Well-loved pets are often too-well-fed pets: two recent surveys found that in the past 10 years, the number of overweight dogs has increased 158%. For overweight cats, the percentage is even higher at 169%. One in every three pets is overweight, and that problem causes a 17% rise in vet care costs for dog owners and a 36% increase for cat owners.
Just like with humans, carrying extra weight can cause or exacerbate health problems. The most common obesity-related diseases in canines include osteoarthritis, urinary tract disease, hepatitis, diabetes, and congestive heart failure. For cats, you can add asthma, chronic renal disease, hypertension and gallbladder disease to the list.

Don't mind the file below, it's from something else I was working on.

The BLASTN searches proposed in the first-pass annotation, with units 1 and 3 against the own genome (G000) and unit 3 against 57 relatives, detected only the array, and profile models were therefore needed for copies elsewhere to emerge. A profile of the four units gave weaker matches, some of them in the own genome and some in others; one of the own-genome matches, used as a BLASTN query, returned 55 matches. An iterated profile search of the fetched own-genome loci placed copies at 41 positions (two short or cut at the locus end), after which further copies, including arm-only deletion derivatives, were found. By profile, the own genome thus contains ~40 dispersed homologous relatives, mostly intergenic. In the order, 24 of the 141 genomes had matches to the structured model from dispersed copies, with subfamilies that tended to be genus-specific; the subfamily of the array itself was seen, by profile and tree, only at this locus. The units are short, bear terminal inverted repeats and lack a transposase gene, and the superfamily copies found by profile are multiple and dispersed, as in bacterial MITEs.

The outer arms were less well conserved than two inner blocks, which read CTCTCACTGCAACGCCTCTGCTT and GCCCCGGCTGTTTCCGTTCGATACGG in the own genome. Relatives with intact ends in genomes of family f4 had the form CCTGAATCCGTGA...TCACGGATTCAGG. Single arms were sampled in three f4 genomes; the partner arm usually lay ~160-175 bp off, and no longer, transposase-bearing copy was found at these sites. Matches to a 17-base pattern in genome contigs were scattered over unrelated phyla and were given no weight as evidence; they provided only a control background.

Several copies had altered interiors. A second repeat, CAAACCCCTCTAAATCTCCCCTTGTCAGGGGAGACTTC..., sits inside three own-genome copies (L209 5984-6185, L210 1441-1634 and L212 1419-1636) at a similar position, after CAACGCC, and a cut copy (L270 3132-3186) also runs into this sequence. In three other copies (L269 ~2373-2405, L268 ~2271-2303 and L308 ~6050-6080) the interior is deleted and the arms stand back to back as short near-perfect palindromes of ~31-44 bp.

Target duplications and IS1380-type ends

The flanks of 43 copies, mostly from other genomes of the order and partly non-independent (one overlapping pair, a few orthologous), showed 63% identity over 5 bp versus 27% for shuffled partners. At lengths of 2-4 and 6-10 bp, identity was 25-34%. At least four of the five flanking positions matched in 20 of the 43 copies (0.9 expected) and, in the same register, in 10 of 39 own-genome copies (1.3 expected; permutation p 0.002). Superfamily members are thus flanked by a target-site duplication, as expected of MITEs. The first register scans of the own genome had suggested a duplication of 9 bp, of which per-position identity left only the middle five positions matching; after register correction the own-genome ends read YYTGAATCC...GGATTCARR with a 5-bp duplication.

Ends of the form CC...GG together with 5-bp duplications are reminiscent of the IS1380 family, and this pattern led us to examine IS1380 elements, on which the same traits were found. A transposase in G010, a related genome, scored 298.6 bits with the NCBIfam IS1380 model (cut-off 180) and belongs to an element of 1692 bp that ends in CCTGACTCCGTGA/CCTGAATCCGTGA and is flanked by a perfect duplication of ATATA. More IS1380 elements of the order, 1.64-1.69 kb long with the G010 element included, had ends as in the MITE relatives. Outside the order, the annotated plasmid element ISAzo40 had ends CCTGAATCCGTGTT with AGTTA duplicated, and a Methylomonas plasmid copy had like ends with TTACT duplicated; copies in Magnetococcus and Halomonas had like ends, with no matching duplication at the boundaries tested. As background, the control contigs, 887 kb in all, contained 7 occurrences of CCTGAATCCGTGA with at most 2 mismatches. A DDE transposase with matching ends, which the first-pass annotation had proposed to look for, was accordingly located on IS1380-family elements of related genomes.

There are a few things you can do to adjust your pet’s lifestyle and get him or her on the road to a healthier weight, including:
• Measuring your pet’s food to make sure you’re not overfeeding
• Placing food into toys that require interaction with your dog or cat to receive a food reward (food puzzle)
• Hiding kibble around the house so that your cat must hunt for food, or put it high on a kitty tree
• Spreading meals out throughout the day (but make sure the total amount fed for the day is the correct amount)
• Play with your cat or dog using love and attention, not treats